WhatsApp's announcement last month that it would start sharing more user data, including phone numbers, with its parent Facebook didn't go down well with many people. Now, a privacy regulator in Germany has taken particular exception to the update, demanding that the collection process is stopped and all gathered information be deleted.

The Hamburg Commissioner for Data Protection and Freedom of Information said Facebook is infringing data protection law by collecting user data from WhatsApp. Johannes Caspar ruled that the social network "neither has obtained an effective approval from the WhatsApp users, nor does a legal basis for the data reception exist."

Germany isn't the only place where the update is facing the wrath of privacy groups. The UK's Information Commissioner's Office is investigating the matter; the Electronic Privacy Information Center in the US has already filed a complaint with the FTC; and CNIL, France's data protection authority, is monitoring the situation "with great vigilance."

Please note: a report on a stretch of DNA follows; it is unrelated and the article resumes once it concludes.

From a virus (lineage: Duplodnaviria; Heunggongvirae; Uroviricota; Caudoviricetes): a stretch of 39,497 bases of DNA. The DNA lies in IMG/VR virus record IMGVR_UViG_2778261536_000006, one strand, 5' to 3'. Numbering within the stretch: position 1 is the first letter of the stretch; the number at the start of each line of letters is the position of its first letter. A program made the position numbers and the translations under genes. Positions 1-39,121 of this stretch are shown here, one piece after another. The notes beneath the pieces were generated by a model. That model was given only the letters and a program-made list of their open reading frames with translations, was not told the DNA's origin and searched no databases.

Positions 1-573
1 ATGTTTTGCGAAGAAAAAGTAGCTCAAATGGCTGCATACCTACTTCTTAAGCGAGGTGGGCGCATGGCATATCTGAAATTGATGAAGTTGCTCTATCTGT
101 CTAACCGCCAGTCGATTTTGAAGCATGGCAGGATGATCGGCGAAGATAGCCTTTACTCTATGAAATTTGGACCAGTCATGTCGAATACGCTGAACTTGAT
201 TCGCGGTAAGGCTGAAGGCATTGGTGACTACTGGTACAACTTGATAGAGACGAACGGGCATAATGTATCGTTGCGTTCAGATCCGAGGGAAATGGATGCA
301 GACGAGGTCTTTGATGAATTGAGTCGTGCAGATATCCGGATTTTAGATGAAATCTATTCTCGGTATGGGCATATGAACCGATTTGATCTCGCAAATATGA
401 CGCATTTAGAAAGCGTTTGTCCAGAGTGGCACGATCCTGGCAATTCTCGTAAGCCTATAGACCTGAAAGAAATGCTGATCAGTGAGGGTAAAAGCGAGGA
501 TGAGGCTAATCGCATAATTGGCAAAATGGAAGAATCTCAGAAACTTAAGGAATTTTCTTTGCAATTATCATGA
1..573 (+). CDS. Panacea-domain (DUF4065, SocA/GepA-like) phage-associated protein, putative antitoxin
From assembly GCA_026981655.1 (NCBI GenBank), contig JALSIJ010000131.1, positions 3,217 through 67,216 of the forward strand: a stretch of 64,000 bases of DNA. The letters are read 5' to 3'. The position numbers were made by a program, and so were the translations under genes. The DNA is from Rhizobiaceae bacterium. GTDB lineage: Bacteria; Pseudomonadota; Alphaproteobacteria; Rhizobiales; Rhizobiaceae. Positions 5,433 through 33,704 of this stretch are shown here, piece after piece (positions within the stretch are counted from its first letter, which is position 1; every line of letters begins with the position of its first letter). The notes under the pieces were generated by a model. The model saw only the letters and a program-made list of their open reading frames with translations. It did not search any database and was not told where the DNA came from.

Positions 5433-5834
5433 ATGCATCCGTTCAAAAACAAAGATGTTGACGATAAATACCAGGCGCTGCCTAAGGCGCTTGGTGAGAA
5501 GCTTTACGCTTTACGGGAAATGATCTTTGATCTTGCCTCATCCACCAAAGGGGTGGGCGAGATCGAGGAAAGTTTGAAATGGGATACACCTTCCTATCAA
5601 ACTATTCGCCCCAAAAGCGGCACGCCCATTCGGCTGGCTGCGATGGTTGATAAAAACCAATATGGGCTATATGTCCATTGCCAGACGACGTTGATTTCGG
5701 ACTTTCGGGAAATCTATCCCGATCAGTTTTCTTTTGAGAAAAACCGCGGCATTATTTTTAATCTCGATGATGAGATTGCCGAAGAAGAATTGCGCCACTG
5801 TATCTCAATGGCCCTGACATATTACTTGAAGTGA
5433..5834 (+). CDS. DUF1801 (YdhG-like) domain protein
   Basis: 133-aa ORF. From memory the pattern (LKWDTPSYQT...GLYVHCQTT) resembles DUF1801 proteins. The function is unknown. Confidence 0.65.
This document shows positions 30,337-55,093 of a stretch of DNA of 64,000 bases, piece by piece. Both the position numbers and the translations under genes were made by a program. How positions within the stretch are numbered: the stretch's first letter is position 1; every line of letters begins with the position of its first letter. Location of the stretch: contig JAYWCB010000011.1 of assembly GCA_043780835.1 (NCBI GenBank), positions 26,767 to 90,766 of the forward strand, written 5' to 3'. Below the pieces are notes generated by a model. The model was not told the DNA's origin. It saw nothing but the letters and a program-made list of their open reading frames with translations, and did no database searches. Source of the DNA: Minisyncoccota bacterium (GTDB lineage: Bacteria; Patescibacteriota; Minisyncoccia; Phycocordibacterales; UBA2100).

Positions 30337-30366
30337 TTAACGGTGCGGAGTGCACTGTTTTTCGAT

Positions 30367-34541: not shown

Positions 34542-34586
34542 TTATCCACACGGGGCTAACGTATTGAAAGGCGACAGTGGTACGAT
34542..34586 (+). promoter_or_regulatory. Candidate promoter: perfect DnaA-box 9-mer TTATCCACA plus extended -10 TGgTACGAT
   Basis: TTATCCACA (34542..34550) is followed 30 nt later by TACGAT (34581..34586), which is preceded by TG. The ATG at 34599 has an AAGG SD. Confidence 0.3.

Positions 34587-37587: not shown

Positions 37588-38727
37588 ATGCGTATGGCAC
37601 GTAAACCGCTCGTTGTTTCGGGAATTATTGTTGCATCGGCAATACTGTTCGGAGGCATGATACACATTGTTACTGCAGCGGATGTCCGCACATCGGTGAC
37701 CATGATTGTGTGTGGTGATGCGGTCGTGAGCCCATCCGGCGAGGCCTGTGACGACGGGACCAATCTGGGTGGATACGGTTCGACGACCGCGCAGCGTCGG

WhatsApp said the reason for the policy change was to test new features, such as the ability for businesses to communicate with customers, and to help the social network make better friend suggestions and deliver more relevant ads. It's also said to "fight spam and abuse, and improve experiences across our services and those of Facebook and the Facebook family." Users can opt out for ad-targeting purposes, but not out of all data sharing activities.

"This administrative order protects the data of about 35 million WhatsApp users in Germany," Caspar said. "It has to be their decision, whether they want to connect their account with Facebook. Therefore, Facebook has to ask for their permission in advance. This has not happened."

Responding to the ruling, a Facebook spokesperson said: "Facebook complies with EU data protection law. We will work with the Hamburg DPA in an effort to address their questions and resolve any concerns."